Well, knock me over with a feather. It turns out that old SCO, The Santa Cruz Operation, also donated code to Linux. There is an article dated June 12, 2000, that tells us all about their Linux distribution and their plans, which included scaling it to the enterprise, as marketroids like to call it:
While SCO may be rolling out its Linux distribution long after Red Hat and Caldera hit the market with theirs, SCO is no open source Johnny-come-lately. The company offers support services to Caldera and TurboLinux customers. In addition, the company's Tarantella middleware supports Linux, as will Monterey, the Intel-based version of Unix that SCO is building with IBM.Wait a sec. Isn't that what paragraph 85 of SCO's original complaint was talking about, and didn't they say that without IBM entering the picture, Linux could never have scaled?
SCO is expected to announce 32- and 64-bit versions of Linux for Intel-based servers, which will be available in the fourth quarter of this year. In early 2001, SCO plans to deliver a 32-bit Internet Infrastructure Edition that will come bundled with a Web server and other IP applications. The company is also working on a 64-bit edition for service providers, including ISPs and application service providers, which will feature special billing and management tools.
The company is also expected to explore the following areas:
- Building the Linux clustering capacity to be in line with SCO's NonStop Clusters technology, which scales to 12 or more boxes with advanced reliability for data and applications. Current Linux clustering technology is generally limited to two or four nodes.
- Beefing up Linux's symmetric multiprocessing capabilities. Currently the number of CPUs per Linux server is usually limited to eight; UnixWare can run on servers with up to 32 CPUs.
- Managing multiple Linux servers as well as applications from a single console as if they were a single system.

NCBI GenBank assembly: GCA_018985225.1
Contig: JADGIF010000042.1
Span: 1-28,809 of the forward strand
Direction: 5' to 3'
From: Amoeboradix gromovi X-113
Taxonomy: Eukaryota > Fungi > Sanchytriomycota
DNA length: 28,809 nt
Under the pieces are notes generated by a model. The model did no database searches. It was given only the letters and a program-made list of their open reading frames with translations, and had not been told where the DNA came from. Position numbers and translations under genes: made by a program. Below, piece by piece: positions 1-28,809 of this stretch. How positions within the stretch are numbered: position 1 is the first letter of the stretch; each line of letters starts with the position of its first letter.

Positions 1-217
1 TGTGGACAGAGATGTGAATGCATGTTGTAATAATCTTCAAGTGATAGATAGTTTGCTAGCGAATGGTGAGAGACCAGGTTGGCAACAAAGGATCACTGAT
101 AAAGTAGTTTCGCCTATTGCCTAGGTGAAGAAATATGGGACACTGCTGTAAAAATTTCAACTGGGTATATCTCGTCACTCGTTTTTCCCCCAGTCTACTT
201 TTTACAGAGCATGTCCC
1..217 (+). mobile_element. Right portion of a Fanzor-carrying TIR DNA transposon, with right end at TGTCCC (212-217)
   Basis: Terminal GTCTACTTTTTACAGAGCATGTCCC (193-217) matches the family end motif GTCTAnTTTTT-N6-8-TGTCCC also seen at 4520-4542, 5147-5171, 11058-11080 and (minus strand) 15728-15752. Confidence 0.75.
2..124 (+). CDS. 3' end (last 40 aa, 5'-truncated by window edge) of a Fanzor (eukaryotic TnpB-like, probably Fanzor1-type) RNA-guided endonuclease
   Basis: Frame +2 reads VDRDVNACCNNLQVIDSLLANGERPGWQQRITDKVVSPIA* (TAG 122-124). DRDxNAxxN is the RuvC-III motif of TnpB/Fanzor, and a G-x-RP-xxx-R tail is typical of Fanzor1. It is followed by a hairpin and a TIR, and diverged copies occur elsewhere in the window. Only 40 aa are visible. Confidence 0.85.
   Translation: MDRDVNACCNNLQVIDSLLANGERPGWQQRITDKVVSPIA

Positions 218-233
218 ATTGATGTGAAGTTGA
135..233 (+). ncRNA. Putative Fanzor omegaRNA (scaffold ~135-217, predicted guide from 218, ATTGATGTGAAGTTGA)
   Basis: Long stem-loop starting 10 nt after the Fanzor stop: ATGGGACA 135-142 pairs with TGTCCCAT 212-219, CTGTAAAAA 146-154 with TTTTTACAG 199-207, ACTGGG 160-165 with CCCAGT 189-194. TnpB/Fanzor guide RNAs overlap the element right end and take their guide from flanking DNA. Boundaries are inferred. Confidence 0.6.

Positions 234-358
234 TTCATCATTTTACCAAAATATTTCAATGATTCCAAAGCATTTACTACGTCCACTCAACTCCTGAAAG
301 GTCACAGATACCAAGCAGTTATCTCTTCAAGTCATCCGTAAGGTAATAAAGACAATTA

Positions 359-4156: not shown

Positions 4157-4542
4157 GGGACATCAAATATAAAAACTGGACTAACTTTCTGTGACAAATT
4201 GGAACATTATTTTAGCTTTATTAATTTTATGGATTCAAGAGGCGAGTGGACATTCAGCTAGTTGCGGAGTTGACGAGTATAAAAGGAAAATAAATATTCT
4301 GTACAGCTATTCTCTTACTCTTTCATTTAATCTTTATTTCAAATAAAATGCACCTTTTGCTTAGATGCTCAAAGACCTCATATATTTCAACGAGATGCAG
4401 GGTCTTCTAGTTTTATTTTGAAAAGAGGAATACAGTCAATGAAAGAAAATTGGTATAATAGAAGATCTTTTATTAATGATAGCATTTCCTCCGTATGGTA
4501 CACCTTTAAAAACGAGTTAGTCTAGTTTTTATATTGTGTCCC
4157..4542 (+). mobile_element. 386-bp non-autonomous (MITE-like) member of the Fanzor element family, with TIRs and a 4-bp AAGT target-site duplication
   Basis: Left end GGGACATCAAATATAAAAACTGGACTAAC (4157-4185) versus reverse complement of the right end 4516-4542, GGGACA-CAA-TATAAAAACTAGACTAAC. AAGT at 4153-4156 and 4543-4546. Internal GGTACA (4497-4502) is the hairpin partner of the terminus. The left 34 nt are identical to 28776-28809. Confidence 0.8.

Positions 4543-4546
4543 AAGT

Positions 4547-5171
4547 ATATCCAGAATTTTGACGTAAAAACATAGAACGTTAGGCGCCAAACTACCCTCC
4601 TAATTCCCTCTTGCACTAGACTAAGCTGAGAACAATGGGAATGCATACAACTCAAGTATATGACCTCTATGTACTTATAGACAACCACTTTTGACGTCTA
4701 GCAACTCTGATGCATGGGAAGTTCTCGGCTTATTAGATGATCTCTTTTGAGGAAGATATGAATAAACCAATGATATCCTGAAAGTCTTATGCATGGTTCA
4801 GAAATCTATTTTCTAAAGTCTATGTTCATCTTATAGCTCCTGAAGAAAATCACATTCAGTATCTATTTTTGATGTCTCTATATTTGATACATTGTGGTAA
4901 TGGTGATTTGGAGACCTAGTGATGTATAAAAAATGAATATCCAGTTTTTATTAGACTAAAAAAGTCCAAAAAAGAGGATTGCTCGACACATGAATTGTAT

- Improving security and the ability of Linux to handle applications such as e-mail, including instant messaging.
- Adding online support services and documentation.
The complaint said:
For example, Linux is currently capable of coordinating the simultaneous performance of 4 computer processors. UNIX, on the other hand, commonly links 16 processors and can successfully link up to 32 processors for simultaneous operation. That wasn't accurate, but it does give me an idea. Maybe New SCO needs to sue Old SCO and leave the rest of us in peace.
One year earlier, in 1999, a press release from Old SCO described itself like this:
We have over twenty years of experience with UNIX, Intel, and Open Source technologies. In fact, we believe that SCO has the largest staff of Open Source experts of any commercial software vendor.
All the Tarantella-Linux press releases from June 1999 to February 2000 are
here. All Tarantella press releases from June of '99 to July of 2000 are here. And
here is a snip of the copyright on code donated by an Old SCO employee.
As a founding sponsor of Linux International, SCO is a strong proponent of the Open Source movement, citing it as a driving force for innovation. Over the years, SCO has contributed source code to the movement, and currently offers a free Open License Software Supplement CD that includes many Open Source technologies. SCO UnixWare 7 operating system, the fastest growing UNIX server operating system for the past two years, supports Linux applications as part of its development platform.